- June 3, 2021 at 12:26 am
I recently had an 8K Red Camera project where I was able to push in to an interview shot pretty radically – in Frameflex it was down to 40, and in Resize it was 230! Since it was a standard 1920x 1080 delivery for the web, and no one saw any degradation of the image, everyone was happy.
Maybe the image was technically fine – who knows. The question is: how far can I take this in the future when I will be delivering to a good streaming service? If we shoot 4K, how far can I push in if they want a 2K delivery instead of standard HD? If it’s 8K again? Is there a mathematical formula I can run?
More and more I’m being asked to push-in on hi-rez footage – what is your workflow for keeping an undegraded image?
If there’s a thread in another forum about this, please let me know.
- June 3, 2021 at 6:50 am
Just stick to frameflex and avoid using image resize.
That way you are using whatever source pixels you have.
Once you have applied frameflex to a source clip you can key frame it in the timeline.
- June 5, 2021 at 2:47 pm
There is no perfect mathamatical formula. Most times i’m asked to punch in on a 4k or higher shot, I can start to tell fairly quickly that the focus isn’t perfectly sharp, so i try to do it as little as possible. When i hear the DOP or Director make the promise of punchins, I remind them that they will see quite quickly a soft focus issue when they do a punch in. Much less of an issue with scenics, but I can usually spot an interview with a punch in pretty easily.
And ofcourse you also must remind them, and yourself, if they ever want to deliver at 4k, they are no longer puching in, but blowing up the shot. Most broadcasters and delivery options i’m supplying are asking for 4k, not 2k.
- June 16, 2021 at 5:13 pm
You have to punch the numbers of the resolutions. Which is hard when terms like ‘HD’, ‘2K’ and ‘4K’ are thrown around, without specifying what the actual resolution is. Such terms are just umbrella terms for describing a range of resolutions.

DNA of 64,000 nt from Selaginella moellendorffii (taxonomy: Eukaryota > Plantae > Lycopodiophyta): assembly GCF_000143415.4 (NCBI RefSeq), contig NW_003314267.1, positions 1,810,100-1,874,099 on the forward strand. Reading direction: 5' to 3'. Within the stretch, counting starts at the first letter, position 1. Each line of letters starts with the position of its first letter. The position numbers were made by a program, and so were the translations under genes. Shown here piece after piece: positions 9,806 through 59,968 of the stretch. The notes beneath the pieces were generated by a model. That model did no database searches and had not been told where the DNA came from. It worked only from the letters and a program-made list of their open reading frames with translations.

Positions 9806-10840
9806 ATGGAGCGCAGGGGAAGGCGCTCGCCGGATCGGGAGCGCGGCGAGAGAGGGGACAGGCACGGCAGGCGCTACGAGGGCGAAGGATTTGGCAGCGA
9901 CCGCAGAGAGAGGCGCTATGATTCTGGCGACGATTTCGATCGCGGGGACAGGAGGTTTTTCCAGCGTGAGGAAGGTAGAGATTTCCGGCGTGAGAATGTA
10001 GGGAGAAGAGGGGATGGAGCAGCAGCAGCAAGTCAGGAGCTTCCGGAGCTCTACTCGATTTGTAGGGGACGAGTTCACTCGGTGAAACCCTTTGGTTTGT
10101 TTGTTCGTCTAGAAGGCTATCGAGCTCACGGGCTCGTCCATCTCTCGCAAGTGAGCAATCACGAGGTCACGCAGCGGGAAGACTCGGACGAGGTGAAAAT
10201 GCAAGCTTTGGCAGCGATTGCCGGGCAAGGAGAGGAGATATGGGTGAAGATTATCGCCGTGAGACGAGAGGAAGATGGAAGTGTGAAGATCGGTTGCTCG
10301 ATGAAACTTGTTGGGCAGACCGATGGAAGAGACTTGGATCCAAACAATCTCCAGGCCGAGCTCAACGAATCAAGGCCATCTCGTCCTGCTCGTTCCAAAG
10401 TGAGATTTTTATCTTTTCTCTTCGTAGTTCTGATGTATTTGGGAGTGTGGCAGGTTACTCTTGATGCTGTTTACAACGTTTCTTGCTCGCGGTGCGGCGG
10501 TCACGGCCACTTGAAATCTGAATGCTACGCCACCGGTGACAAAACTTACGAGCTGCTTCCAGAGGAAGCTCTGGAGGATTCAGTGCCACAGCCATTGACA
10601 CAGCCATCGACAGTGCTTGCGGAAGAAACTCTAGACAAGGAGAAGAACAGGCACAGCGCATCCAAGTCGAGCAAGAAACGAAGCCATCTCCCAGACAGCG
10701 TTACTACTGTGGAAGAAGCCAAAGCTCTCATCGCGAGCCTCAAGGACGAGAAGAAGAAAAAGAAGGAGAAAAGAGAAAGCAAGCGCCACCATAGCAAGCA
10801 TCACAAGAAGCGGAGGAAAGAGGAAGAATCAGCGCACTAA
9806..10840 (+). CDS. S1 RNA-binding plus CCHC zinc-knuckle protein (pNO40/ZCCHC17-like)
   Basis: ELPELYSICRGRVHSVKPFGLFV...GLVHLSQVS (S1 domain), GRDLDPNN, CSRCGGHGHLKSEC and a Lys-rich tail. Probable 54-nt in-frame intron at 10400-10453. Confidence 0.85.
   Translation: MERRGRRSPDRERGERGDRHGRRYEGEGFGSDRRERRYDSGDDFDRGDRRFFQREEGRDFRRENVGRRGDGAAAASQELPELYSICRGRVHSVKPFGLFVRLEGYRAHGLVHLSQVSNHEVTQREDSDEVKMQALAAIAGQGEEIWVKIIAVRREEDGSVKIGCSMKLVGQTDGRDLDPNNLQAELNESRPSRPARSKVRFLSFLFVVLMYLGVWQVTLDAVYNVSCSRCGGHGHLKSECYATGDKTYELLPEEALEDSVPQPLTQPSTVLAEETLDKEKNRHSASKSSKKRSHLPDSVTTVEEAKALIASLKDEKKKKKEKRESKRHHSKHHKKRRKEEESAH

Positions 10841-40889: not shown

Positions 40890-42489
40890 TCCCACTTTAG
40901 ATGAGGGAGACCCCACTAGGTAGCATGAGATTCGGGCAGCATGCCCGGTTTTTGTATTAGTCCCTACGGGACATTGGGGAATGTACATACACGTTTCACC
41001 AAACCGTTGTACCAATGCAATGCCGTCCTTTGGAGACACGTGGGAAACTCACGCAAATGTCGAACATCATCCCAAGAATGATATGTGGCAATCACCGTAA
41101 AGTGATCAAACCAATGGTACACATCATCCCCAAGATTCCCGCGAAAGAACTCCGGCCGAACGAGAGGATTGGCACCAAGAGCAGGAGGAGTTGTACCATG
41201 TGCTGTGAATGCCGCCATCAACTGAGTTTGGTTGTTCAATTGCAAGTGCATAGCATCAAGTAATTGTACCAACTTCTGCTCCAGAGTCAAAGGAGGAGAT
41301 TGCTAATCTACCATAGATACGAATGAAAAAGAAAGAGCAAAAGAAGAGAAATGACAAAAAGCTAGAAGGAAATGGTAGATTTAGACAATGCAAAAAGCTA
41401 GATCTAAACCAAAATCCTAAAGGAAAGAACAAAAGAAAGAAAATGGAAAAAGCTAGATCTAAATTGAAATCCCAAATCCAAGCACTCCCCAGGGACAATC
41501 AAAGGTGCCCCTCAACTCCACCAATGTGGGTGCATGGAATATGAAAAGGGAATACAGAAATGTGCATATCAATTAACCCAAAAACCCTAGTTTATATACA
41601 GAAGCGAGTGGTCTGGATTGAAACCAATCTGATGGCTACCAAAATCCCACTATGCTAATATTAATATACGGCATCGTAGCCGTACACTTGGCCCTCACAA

HD usually means 1920×1080 (or ‘Full HD’). But sometimes people call 1280×720 HD also.
2k can mean either Native (2048 × 1080), Flat cropped (1998 × 1080), or Cinemascope cropped (2048 × 858). I’m going to assume that if you’re delivering for web, they want Native. But, it’s best to confirm with the client exactly what resolution they want.
4k can mean either Full Frame (4096 × 2160), Flat cropped (3996 × 2160), or Cinemascope (4096 × 1716). You should check with the DOP exactly what resolution they are shooting.
Once you have confirmation of the exact pixel resolution of how youre shooting and how you’re finishing, then you can punch the numbers. So lets assume they want a 2048 × 1080 delivery, and the DOP is shooting 4096 × 2160. Shooting resolution divide by finishing resolution is 2, meaning that you can scale the footage up by 200% without loosing any quality at all.
The general rule of thumb is that you can scale up an additional 10-20% and the quality loss will be negligible (ie. imperceptible to the naked eye). Although I personally don’t love doing that because even if quality loss is imperceptible, it still might compromise the colorist/VFX artist’s ability to work, also that you never know how someone later down the track will compress your film, and any compression will be aggravated by quality loss.
If you’re finishing a HD/2K format, and shooting 8k, your laughing. 8k includes a bunch of different resolution which I can’t be bothered listing, but it genrally just means a pixel width of approx. 8000 pixels. So you could essentially scale up 300-400% or thereabouts without any quality loss – this is approximate, and again you need to confirm the precise resolutions before getting precise calculations.<font color=”#888888″>
- June 16, 2021 at 8:35 pm
Thanks, this is just what I needed, and so clearly explained.
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